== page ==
Human Fetal Tissue — Considerations

The NIH Human Fetal Tissue Research Ethics Advisory Board met on 31 July 2020 to “make recommendations regarding the ethics of research involving human fetal tissue (HFT) proposed in NIH grant and cooperative agreement applications and R&D contract proposals, as set forth in the NIH Guide Notice NOT-OD-19-128.” The meeting agenda included a brief time set aside for public comment. Additionally, written comment could be submitted within a prescribed time frame prior to the meeting.

It is my hope that the advisory board seriously considered the following comment penned by this writer, on behalf of the educational non-profit Tennessee Center for Bioethics & Culture:

All human beings belong to one another.  Whatever our genetic constitution, our ethnicity, our color, our femaleness or maleness, our geographic location, or stage of life:  we are part of the human family.   That membership is not bounded by a cradle-to-grave timeline.  As human mammals, our beginnings begin before the exodus from our mothers’ wombs.  From the fertilization of the egg by the sperm, a new human being arises (and sometimes, multiples).  How we treat that human zygote, embryo, fetus, newborn, baby, toddler, preschooler, child, adolescent, adult, and elder, has effects on that human being – as well as on ourselves.  How we treat other human beings, especially vulnerable ones, tells future generations and civilizations about what kind of people we are.

In 1993, President Bill Clinton signed into law the NIH Revitalization Act.  That Act charged the NIH to conduct or support research that reduced the number of animals used in research, and that produced less pain and distress in those animals ( Those are laudable goals.  That same 1993 NIH Revitalization Act authorized the use of human fetuses for research, including fetuses from induced abortion (  The same law that sought to reduce pain and suffering in animals opened the door wider to using nascent human beings as research subjects.  Utilizing tissue that becomes available by virtue of spontaneous abortion (miscarriage) does not actively convert living beings into research subjects/objects.  It is not a planned procedure that can be scheduled around tissue procurement firms.  That is not the case, however, with the use of fetal tissue from induced abortion.  The willful taking of tiny, live human beings from their mothers’ wombs, followed by the use of them in whole or in part, as research subjects/objects, sets up a human market.  Abortionists and abortion facilities are paid to render a living being into products or parts.  Then they are paid again to yield up these beings or parts to research.  Money is exchanged for parts or labor, even if said payment is labeled “handling charges.” This is a market, and it is a market in human flesh:  a stain upon our culture and our civilization.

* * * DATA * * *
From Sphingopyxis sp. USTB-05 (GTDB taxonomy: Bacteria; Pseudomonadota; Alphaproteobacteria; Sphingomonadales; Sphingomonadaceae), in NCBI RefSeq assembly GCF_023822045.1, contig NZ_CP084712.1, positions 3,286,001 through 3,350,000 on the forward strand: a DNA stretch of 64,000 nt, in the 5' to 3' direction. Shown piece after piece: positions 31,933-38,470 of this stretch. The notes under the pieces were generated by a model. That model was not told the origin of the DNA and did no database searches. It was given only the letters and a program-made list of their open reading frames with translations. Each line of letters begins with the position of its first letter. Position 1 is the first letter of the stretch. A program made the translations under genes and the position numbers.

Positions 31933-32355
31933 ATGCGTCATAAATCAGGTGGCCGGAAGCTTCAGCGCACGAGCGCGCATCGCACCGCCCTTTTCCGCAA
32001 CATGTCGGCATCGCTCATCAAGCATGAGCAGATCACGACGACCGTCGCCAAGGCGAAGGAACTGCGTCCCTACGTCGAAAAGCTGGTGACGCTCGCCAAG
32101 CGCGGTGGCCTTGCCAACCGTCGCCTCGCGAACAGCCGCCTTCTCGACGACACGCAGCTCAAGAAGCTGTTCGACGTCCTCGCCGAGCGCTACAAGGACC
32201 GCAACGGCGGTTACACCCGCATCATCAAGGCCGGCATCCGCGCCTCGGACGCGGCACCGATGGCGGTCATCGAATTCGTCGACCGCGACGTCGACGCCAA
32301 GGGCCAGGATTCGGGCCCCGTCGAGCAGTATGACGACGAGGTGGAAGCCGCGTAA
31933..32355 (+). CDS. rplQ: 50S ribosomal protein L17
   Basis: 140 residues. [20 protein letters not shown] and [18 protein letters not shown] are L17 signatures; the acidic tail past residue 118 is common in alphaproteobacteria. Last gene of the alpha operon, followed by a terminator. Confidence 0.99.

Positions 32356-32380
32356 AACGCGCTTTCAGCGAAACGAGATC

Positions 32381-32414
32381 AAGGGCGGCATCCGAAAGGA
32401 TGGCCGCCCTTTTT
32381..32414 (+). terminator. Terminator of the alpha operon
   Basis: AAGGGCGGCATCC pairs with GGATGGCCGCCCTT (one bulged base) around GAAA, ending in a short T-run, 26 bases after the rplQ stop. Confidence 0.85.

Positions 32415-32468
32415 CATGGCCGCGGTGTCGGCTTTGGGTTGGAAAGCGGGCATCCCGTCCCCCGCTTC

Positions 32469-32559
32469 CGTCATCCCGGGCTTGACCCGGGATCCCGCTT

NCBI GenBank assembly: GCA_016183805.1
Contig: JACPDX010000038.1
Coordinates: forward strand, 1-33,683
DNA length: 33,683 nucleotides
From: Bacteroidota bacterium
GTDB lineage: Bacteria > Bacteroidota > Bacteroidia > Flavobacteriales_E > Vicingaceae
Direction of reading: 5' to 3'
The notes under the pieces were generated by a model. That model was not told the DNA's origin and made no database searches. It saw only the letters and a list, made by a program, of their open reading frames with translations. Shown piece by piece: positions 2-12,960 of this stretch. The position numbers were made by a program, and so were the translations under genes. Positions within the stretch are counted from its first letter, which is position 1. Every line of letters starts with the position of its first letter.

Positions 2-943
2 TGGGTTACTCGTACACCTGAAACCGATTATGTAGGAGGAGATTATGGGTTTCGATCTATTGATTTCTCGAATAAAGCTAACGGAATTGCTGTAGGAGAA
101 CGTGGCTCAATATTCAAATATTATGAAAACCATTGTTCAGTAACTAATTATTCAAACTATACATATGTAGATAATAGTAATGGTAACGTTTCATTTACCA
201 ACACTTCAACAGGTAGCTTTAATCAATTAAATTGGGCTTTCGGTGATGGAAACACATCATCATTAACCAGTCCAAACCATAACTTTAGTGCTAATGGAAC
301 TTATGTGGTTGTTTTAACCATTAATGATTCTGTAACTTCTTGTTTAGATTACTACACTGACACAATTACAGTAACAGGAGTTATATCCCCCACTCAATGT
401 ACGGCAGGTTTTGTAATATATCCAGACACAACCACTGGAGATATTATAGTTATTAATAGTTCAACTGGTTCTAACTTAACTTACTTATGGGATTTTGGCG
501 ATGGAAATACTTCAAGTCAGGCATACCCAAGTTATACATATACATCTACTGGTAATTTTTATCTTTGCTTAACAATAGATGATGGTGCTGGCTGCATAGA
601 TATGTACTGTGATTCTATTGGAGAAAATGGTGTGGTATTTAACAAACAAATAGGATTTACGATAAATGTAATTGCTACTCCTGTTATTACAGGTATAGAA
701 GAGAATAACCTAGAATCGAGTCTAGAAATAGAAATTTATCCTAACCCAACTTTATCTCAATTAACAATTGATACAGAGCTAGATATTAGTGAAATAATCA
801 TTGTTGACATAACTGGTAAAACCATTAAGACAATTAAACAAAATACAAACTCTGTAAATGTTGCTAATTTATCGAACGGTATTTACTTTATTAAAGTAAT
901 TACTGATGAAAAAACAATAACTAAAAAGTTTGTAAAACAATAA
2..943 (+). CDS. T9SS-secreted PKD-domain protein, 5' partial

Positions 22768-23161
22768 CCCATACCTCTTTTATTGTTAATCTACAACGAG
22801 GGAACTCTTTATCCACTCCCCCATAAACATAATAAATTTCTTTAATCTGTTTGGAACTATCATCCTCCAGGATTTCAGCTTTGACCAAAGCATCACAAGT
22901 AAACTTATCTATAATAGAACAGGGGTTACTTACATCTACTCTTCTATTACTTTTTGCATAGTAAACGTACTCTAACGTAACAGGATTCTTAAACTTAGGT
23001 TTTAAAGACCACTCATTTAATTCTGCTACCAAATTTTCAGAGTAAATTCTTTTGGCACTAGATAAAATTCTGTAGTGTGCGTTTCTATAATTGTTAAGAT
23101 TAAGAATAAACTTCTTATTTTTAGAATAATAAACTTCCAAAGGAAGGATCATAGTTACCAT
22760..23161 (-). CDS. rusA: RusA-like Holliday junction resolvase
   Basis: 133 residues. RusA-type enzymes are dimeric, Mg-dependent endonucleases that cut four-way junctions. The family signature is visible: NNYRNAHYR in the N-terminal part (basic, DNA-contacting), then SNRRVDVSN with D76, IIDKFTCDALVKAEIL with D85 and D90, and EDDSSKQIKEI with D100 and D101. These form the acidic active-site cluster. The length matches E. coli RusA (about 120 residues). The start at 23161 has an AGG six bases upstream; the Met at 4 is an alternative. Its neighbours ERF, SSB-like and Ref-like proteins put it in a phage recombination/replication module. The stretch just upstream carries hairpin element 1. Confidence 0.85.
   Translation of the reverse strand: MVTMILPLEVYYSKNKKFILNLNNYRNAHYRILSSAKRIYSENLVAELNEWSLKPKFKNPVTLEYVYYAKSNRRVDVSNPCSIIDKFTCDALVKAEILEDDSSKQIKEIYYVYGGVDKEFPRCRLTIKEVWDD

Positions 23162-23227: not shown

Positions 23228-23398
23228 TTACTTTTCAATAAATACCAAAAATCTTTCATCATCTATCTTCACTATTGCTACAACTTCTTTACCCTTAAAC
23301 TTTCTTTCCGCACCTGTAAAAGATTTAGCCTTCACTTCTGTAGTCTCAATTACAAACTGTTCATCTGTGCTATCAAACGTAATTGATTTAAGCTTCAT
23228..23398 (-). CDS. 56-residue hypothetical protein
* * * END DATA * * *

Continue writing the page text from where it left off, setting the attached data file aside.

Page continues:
Decrying Human Fetal Tissue Research Justification

The National Institutes of Health (NIH) released on 26 July “Changes to NIH Requirements Regarding Proposed Human Fetal Tissue Research.”  A new bullet point is required for “Human Fetal Tissue Research Approach.”   The applicant for funds is obliged to justify the use of human fetal tissue (HFT) in proposed research:

  • Why the research goals cannot be accomplished using an alternative to HFT?

  • What methods were used (e.g. literature review, preliminary data) to determine that alternatives could not be used?

  • Results from a literature review used to provide justifications

  • Plans for the treatment of HFT and the disposal of HFT when research is complete